Moore’s Law is finally breaking down, according to theoretical physicist Michio Kaku. He’s talking about the so-called law that says the number of transistors that can be fit on a computer chip will double every two years, resulting in periodic increases in computing power.
According to Kaku:
…in about ten years or so, we will see the collapse of Moore’s Law. In fact, already, already we see a slowing down of Moore’s Law. Computer power simply cannot maintain its rapid exponential rise using standard silicon technology. Intel Corporation has admitted this.
It’s true. At the International Supercomputing Conference 2011 last June, Intel architecture group VP Kirk Skaugen said something about Moore’s Law not being sufficient, by itself, for the company to ramp up to exascale performance by 2018. But he went on to tout Intel’s tri-gate technology (the company’s so-called “3D” processors) as the solution, which Skaugen claimed translates to “no more end of life for Moore’s Law.”
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Moore’s Law, introduced by Intel co-founder Gordon Moore in a 1965 paper, was never a law in any scientific sense — it’s always been more a rule of thumb (that, and “Moore’s Rule” sounds so much less authoritative). And as others have pointed out, given Intel’s dominance in the chip industry for much of the period in which Moore’s Law has applied (or appeared to), there’s a self-fulfilling prophecy angle in which the dominant industry player sets the pace for its own benefit.
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Moore also clarified in a 2003 interview that the idea of computer power doubling every 18 months — sometimes mistaken as the basis of Moore’s Law — was advanced by Intel’s David House. While such performance gains could be achieved by Moore’s prediction that transistor counts would double every two years, House apparently calculated that transistors would get faster as well, resulting in computing performance doubling every 18 months (in a later 2005 interview, Moore admitted “we’re doing a little better than [24 months]”).
Despite Intel’s recent advances with tri-gate processors, Kaku argues the company has merely prolonged the inevitable: the law’s collapse due to heat and leakage issues.
“So there is an ultimate limit set by the laws of thermal dynamics and set by the laws of quantum mechanics as to how much computing power you can do with silicon,” says Kaku, noting “That’s the reason why the age of silicon will eventually come to a close,” and arguing that Moore’s Law could “flatten out completely” by 2022.
Where do we go once Gordon Moore’s axiom runs out of steam? Kaku hypothesizes several options: protein computers, DNA computers, optical computers, quantum computers and molecular computers. And then he makes a bet:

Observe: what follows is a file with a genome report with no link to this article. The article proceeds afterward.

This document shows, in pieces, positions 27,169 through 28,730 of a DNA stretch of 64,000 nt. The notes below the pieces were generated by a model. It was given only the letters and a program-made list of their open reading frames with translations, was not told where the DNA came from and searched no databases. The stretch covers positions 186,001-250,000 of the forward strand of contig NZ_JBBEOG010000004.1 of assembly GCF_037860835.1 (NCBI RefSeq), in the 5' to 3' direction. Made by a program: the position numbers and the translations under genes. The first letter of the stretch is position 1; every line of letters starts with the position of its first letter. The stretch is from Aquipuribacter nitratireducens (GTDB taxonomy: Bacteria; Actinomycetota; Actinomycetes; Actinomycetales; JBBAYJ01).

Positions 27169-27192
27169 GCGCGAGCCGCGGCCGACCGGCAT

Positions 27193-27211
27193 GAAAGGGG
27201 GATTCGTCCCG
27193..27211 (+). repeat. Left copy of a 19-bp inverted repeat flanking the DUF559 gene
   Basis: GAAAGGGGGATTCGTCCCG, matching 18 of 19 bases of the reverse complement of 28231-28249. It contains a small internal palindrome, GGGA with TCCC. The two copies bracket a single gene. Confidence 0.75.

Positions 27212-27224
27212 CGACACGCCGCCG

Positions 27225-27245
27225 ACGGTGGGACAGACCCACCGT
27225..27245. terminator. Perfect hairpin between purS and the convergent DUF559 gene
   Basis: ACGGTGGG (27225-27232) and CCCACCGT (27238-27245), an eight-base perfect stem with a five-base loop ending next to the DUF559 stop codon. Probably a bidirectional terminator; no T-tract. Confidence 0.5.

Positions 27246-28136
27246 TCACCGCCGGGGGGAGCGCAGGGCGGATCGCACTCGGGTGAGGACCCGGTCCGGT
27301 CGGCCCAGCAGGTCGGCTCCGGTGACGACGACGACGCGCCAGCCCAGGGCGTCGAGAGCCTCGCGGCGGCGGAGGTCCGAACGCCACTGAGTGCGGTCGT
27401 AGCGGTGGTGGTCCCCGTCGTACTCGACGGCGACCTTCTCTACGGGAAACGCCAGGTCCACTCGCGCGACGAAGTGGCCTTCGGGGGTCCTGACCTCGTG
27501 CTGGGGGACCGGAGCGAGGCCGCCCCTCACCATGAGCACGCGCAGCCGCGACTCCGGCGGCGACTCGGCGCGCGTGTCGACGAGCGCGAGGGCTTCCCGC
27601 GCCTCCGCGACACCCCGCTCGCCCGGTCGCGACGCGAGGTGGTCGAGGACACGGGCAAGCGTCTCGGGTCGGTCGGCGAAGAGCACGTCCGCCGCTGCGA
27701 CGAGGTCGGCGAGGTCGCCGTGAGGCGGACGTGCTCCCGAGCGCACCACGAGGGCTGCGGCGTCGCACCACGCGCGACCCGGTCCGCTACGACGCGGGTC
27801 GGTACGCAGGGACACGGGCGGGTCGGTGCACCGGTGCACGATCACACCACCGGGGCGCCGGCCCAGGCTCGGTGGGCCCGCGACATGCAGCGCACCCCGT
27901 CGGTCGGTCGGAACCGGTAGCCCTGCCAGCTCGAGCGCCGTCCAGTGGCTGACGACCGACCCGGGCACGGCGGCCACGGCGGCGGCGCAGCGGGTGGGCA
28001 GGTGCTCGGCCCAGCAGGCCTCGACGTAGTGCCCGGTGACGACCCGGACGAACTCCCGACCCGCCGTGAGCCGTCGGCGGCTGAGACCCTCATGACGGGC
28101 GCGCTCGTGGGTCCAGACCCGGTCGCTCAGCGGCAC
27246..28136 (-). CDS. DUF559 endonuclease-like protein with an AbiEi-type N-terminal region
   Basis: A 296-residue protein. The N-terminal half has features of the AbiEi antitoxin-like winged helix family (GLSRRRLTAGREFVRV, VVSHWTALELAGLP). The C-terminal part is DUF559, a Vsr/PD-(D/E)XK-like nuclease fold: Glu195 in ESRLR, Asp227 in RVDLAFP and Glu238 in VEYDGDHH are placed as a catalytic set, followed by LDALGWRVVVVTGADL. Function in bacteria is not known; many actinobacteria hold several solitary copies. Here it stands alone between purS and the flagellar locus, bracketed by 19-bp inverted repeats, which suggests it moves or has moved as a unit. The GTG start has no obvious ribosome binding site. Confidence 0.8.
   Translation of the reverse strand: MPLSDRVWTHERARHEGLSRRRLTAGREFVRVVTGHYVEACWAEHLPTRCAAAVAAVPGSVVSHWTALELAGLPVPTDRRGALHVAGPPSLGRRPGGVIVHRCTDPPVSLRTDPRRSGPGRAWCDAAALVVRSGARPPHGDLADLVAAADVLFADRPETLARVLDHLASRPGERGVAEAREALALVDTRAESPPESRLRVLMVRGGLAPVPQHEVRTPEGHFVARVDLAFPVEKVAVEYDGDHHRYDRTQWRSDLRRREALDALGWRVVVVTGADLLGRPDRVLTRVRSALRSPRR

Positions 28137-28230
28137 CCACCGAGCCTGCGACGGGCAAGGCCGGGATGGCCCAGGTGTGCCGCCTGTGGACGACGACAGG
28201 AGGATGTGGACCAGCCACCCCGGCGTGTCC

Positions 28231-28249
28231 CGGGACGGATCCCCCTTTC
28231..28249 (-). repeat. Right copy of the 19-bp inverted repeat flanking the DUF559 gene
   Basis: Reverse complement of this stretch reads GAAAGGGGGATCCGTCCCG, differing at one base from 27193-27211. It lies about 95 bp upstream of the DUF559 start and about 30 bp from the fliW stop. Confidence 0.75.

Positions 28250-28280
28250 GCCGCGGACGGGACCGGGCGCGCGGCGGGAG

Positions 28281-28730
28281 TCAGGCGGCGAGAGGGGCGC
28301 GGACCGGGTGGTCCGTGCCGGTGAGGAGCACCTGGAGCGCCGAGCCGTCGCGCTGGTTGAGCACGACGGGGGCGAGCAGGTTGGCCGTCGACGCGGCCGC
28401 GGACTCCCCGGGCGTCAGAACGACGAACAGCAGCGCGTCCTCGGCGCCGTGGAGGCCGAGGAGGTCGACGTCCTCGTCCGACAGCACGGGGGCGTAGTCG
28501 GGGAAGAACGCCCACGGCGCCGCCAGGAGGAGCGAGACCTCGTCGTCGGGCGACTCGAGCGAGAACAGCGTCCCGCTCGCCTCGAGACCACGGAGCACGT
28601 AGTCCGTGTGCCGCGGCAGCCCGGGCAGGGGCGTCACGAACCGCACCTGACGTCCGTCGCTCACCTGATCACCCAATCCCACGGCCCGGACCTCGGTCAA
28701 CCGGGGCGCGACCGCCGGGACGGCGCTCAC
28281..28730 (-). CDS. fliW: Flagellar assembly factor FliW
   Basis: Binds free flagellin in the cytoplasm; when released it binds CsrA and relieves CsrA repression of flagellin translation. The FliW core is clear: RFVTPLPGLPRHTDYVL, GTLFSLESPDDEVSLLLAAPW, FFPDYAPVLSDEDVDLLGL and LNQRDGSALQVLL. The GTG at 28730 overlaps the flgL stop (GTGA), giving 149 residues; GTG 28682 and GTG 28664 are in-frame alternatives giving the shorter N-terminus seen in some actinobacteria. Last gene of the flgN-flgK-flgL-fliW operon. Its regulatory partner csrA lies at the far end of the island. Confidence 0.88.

If I were to put money on the table I would say that in the next ten years as Moore’s Law slows down, we will tweak it. We will tweak it with three-dimensional chips, maybe optical chips, tweak it with known technology pushing the limits, squeezing what we can.
Kaku then invokes parallelism as another stop-gap measure, a concept that’s been around for decades, but assuming the exponential requirements for processing power hold, “Sooner or later even three-dimensional chips, even parallel processing, will be exhausted and we’ll have to go to the post-silicon era,” says Kaku.
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How would a molecular computer work? Imagine molecules in the shape of a valve, says Kaku.
You turn the valve one way and the electricity stops through that molecule. You turn it the other way and electricity flows through that molecule just like a pipe and a valve because that’s what a transistor is, a switch, except this switch is molecular rather than a switch made out of piping.
But molecular computing has mass production issues because — surprise! — molecules are teeny-tiny. Why in the world, then, would Kaku invoke even smaller particle-based computers as a viable alternative?
Because quantum computing could produce the “ultimate computer.” Kaku doesn’t explain why, but I’ll summarize: Digital computers set bits to either “0” or “1,” but in a quantum computer, the bits can be “0” and “1,” at the same time, allowing for incredibly fast calculations according to a principle called “superposition.” The problem, and you knew there’d be one, is something called “decoherence.” Kaku explains:
Let’s say I have two atoms and they vibrate in unison. If I have two atoms and they vibrate in unison I can shine a light wave and flip one over and do a calculation, but they have to first start vibrating in unison. Eventually an airplane goes over. Eventually a child walks in front of your apparatus. Eventually somebody coughs and then all of the sudden they’re no longer in synchronization. It gets contaminated by disturbances from the outside world. Once you lose the coherence, the computer is useless.
Given that, Kaku says that when Moore’s Law finally collapses by the end of the next decade, we’ll “simply tweak [it] a bit with chip-like computers in three dimensions.” Beyond that, he says “we may have to go to molecular computers and perhaps late in the 21st century quantum computers.”
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